|Publication number||US6262415 B1|
|Application number||US 09/363,473|
|Publication date||Jul 17, 2001|
|Filing date||Jul 29, 1999|
|Priority date||Jul 29, 1999|
|Publication number||09363473, 363473, US 6262415 B1, US 6262415B1, US-B1-6262415, US6262415 B1, US6262415B1|
|Inventors||Eric Lee Goldner|
|Original Assignee||Litton Systems, Inc.|
|Export Citation||BiBTeX, EndNote, RefMan|
|Patent Citations (10), Referenced by (4), Classifications (15), Legal Events (5)|
|External Links: USPTO, USPTO Assignment, Espacenet|
This invention relates to a system and method for receiving and reading signals from an orientation sensor at great distances from a receiver using optical pickoff, signal multiplexing and optical telemetry with a single supply/return waveguide between the sensor and receiver.
The field to which the invention relates is that of orientation sensor systems using optical pickoff and optical telemetry.
This invention utilizes optical pickoff and optical telemetry combined with optical multiplexing for receiving and reading signals from one or more orientation sensors, such as magnetic compasses. In these systems the sensors may be located at a great distance from the receiver. By using optical multiplexing, the orientation of a sensor can be interrogated with high precision, and the result returned over great distances, without susceptibility to electrical interference using a single supply/return waveguide, as opposed to the multiple waveguides needed by the prior art.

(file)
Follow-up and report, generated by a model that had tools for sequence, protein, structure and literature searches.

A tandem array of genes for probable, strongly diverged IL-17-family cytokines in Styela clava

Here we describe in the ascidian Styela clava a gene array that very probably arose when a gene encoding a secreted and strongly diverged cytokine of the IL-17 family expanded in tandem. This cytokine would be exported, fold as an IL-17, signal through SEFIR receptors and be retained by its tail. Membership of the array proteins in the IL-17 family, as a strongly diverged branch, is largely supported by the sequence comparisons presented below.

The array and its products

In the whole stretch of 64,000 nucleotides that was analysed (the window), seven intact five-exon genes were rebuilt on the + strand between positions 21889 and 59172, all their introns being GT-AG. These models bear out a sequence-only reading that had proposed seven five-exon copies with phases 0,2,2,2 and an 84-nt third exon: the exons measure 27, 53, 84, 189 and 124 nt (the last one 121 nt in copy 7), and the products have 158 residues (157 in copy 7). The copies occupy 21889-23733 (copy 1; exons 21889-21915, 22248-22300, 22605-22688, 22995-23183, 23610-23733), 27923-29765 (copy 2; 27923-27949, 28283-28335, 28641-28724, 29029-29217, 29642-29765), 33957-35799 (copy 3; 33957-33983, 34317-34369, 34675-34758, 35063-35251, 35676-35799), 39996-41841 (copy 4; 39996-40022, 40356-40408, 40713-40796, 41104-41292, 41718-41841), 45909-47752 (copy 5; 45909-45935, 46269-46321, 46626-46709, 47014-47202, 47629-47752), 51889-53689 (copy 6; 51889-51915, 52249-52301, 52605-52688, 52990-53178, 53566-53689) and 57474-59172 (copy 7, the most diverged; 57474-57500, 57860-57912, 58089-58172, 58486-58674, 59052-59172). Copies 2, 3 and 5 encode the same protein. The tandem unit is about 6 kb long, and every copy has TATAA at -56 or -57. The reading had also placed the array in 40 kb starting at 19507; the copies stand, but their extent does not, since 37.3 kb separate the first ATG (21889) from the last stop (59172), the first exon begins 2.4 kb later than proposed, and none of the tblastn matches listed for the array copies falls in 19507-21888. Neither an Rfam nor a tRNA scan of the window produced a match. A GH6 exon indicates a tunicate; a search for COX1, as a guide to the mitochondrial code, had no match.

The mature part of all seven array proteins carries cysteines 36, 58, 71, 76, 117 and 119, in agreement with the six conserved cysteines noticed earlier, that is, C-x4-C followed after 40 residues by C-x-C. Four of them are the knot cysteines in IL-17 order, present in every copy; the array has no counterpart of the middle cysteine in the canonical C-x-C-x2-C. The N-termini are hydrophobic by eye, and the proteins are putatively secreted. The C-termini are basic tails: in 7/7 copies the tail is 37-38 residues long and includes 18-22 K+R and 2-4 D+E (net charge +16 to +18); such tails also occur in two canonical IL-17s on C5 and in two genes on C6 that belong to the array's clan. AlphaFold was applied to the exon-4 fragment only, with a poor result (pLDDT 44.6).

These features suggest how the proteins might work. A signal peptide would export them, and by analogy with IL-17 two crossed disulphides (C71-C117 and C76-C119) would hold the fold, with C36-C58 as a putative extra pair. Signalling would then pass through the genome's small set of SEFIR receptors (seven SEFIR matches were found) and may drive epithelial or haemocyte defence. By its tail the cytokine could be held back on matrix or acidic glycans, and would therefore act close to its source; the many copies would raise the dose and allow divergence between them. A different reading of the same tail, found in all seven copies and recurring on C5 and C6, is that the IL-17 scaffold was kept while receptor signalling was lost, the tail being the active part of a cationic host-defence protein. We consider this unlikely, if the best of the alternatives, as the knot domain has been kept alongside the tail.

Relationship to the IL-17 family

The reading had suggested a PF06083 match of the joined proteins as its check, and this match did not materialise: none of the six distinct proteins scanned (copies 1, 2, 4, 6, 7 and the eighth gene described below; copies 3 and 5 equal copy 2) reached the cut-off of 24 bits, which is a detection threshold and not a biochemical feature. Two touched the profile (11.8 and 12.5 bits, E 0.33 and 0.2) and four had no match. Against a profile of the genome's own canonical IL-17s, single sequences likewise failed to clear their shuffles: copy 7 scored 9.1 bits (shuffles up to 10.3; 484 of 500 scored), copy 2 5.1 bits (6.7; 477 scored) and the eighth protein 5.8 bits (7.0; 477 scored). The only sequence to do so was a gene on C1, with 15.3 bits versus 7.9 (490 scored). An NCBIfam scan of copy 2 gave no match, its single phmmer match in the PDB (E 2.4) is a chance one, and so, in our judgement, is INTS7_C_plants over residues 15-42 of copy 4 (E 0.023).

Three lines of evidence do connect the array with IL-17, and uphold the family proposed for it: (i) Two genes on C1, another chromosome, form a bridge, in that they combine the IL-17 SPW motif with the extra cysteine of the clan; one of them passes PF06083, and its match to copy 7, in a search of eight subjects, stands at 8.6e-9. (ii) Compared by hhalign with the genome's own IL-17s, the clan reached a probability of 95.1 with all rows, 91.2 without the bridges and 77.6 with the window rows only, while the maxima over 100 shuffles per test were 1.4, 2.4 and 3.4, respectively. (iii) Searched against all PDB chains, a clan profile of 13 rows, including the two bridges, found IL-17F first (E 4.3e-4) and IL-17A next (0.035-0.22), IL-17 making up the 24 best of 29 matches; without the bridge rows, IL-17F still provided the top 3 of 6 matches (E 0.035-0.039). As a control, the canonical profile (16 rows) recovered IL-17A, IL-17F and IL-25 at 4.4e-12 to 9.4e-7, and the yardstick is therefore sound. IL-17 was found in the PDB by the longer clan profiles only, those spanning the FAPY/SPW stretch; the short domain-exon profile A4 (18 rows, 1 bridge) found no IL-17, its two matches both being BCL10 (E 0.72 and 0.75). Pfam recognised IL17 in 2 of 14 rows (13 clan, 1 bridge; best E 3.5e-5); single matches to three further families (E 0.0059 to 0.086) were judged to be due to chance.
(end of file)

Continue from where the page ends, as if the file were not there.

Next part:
FIG. 1 is a cut away elevation view of a magnetic compass orientation sensor system using time division multiplexing and demultiplexing.
FIG. 2 is an illustration of how the orientation sensor system of FIG. 1 might be applied to measure the orientation of a platform, such as, for example, the towed hydrophone array shown.
FIG. 3 is an elevation view of a pattern of reflective and non-reflective bands which may be disposed upon a surface of a moveable structure in close proximity to the optical interrogators of an orientation sensor of FIG. 1.
FIG. 4 shows the pattern of FIG. 3 with additional rows of reflective and non-reflective bands included in the pattern on the surface of the moveable structure oriented in quadrature (shifted by one half of a reflective segment).
FIG. 5 shows the pattern of FIG. 3 on the interior surface of a right circular cylinder.
FIG. 6 is a plan view of a pattern of reflective and non-reflective bands which may be disposed in concentric rows upon a surface of a moveable structure that is a flat circular disk and which is in close proximity to the optical interrogators of an orientation sensor of FIG. 1